With few exceptions, fictional narratives about the lives of LGBT Americans in the pre-Stonewall era were largely stories of self-hatred, punishment, pathology — and even death. They were also often enshrouded in subtext in order to obscure their queerness under layers of plausible deniability. The novelist Patricia Highsmith certainly — and artfully — engaged in those tropes, most famously in her homoerotic thrillers Strangers on a Train and The Talented Mr. Ripley. But in her 1952 novel The Price of Salt — which has been adapted by director Todd Haynes and screenwriter Phyllis Nagy into the movie Carol, currently in theaters — the book's central love story between two women has a surprisingly hopeful ending.
"It's very T.S. Eliot — in my end is my beginning," said Cate Blanchett, the eponymous star of Carol, in a phone interview, referencing Eliot's 1940 poem "East Coker." "It ends with possibility, which is all any love affair can begin with: possibility."
Carol tells the story of Therese Belivet (Rooney Mara), a slightly lost, but also very young, aspiring photographer in New York City, who takes a job at a department store for the Christmas holiday. There, she meets Carol Aird (Blanchett), a customer who appears to be an upper-class wife and mother from New Jersey. Therese, smitten immediately, grasps onto their almost imperceptible flirtation in order to get to see Carol again — and it works. After an intense, largely unspoken — and certainly brief — courtship, the two women embark on an unlikely Christmas road trip. Therese will do anything Carol asks. And Carol, embroiled in an ugly divorce from her husband, Harge (Kyle Chandler), yearns to be anywhere but her empty house.
As they travel, Carol sometimes succeeds in distracting herself into a low-boil of happiness, and Therese manages to get closer to Carol. But any incipient romance between them is thwarted after the first time they have sex: Harge has hired a private investigator to follow them, and by spying on them in bed, he now has the damning evidence to invoke a morality clause in their divorce to take custody of their daughter, Rindy (Sadie and KK Heim). Panicked and angered, Carol rushes home, leaving Therese in the care of Carol's best friend and former girlfriend, Abby (Sarah Paulson). In a goodbye letter to Therese, Carol writes beautifully about a seemingly impossible future between them: "lives stretched out ahead of us — a perpetual sunrise," but "until then, there must be no contact between us." She tells Therese, "I release you." Therese is so devastated that she vomits on the side of the road.
It seems, in other words, as if Carol is heading straight into tragedy — the familiar territory of impossible love between two people of the same sex. But Highsmith's novel upended that expectation, and Haynes' movie — thrillingly — follows suit.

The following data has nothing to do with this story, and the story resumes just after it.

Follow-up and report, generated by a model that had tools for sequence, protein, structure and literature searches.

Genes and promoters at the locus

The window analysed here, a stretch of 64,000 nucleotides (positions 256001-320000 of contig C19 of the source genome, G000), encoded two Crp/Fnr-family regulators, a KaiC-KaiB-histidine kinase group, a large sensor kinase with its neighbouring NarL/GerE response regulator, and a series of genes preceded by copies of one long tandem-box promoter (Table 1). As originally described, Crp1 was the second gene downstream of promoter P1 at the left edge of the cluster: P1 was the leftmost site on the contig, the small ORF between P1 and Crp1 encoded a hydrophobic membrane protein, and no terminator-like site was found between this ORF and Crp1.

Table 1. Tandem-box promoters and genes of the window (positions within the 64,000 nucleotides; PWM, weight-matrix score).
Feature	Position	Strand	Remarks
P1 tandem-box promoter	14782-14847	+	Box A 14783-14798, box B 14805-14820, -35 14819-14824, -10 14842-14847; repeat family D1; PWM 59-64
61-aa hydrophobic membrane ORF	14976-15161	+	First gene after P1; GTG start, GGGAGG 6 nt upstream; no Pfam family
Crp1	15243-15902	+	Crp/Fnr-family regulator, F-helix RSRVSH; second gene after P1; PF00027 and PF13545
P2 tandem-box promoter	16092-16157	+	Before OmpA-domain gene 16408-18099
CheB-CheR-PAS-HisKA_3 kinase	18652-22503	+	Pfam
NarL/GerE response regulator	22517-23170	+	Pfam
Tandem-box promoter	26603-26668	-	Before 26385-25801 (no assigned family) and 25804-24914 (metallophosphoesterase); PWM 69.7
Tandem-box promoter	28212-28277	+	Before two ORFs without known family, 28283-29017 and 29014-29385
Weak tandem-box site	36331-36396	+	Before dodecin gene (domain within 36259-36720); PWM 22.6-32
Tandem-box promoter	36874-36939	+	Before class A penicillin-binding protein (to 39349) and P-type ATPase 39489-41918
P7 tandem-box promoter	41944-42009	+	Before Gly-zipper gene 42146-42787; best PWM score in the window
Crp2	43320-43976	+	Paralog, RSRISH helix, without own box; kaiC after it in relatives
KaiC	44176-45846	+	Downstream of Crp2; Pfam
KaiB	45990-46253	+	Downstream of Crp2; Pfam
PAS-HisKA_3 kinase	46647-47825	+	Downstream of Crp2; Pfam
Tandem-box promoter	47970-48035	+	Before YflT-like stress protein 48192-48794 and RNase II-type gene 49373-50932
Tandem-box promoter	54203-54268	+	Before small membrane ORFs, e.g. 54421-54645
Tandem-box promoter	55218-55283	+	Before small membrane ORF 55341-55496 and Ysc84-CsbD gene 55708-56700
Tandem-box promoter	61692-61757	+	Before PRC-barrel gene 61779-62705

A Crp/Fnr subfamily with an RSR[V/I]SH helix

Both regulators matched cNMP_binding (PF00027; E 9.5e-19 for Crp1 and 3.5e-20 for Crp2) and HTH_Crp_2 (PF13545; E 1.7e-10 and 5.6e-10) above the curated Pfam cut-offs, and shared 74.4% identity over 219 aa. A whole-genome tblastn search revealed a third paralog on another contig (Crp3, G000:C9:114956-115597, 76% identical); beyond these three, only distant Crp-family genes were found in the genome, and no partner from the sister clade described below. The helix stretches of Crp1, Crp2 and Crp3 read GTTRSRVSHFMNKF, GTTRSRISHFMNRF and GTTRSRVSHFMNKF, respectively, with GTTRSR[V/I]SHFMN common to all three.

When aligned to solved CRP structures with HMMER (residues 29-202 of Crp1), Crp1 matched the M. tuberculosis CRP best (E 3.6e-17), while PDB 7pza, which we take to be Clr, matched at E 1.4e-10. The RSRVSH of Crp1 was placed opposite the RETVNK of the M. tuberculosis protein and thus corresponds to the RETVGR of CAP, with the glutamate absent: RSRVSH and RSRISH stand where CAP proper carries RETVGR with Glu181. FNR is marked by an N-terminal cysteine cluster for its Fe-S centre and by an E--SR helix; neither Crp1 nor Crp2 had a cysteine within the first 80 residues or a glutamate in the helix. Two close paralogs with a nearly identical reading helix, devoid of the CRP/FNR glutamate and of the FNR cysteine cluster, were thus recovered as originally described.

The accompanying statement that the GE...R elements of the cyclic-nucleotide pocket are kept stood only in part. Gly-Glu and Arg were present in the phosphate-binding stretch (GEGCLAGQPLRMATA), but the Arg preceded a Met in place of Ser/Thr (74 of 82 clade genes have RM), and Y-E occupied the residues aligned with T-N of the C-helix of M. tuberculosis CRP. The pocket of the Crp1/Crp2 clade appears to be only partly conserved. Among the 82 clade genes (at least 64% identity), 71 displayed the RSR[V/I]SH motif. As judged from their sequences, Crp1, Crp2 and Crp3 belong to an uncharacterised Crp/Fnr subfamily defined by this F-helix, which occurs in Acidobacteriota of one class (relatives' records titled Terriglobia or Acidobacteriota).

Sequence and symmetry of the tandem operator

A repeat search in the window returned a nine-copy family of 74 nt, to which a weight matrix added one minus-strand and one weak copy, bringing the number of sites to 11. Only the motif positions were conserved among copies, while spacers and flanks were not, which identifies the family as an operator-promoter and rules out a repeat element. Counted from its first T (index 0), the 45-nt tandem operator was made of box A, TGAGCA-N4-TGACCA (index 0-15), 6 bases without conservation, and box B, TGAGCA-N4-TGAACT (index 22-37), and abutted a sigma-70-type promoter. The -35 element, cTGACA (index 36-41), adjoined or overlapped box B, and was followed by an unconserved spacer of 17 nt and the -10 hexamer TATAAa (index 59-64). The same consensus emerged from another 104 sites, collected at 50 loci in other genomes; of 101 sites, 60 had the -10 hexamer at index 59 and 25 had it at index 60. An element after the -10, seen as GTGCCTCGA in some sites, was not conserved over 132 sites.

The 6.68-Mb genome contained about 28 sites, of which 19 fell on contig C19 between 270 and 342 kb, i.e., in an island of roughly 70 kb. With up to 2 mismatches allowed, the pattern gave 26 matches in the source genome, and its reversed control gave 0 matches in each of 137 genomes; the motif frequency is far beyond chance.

The screenplay does diverge from the book in its framing: Carol's first scene follows a young man into the bar at the Ritz Hotel, and as he settles in, he recognizes Therese from a distance and goes to say hello. It's then that we first see Therese and Carol together — and they seem to be having a fraught, sad, and then interrupted exchange. When Therese leaves to accompany the man to a party they're both attending, she stares out the window of a cab and remembers how her relationship with Carol began. The story of their relationship unfolds, eventually circling back so the audience can finally hear their conversation at the Ritz.
In a recent interview with BuzzFeed News, Haynes said that when he first read Nagy's screenplay, he thought of David Lean's classic 1945 film Brief Encounter, and he worked with Nagy to emulate its structure. Brief Encounter begins with peripheral characters introducing you to its setting, with its main characters in the background — the story is then told in flashback. "It's not a whodunnit, but a who owns it kind of question," Haynes said. "And I thought that's what makes love stories really resonant." Blanchett, who had been attached to Carol before Haynes signed on to direct it, said that the screenplay's new configuration "excited" her, since Brief Encounter is one of her favorite films. Blanchett said, "I felt like it released the screenplay into a completely different place."
Therese's point of view takes the reader through The Price of Salt. But Carol's gaze shifts throughout the movie, from being first Therese's version of events to later including Carol's narrative. When Carol returns home knowing she could now lose Rindy, she is almost willing to sacrifice herself in order to prevent that. During a painful dinner with Harge's family, they ask her about the psychotherapy she is undergoing, and she says it's helping, even as she can barely contain her fury. Later, she talks to Abby about her misery — especially since she’s still without Rindy. When Abby brings up Therese, telling Carol that she has started a job in the photo department at the New York Times, Carol says, "I should have said, 'Therese — wait.'"
Haynes said that by that time in the story, Carol is about to realize that it will be impossible for her to be both a full-time mother and someone who is happy. "She's trying really hard to keep her relationship with her daughter as the primary definer of who she is and what she wants," he said. "And I think she's learning that she may need more than that. She can't cut off whole limbs to protect other people who are ultimately separate people from herself."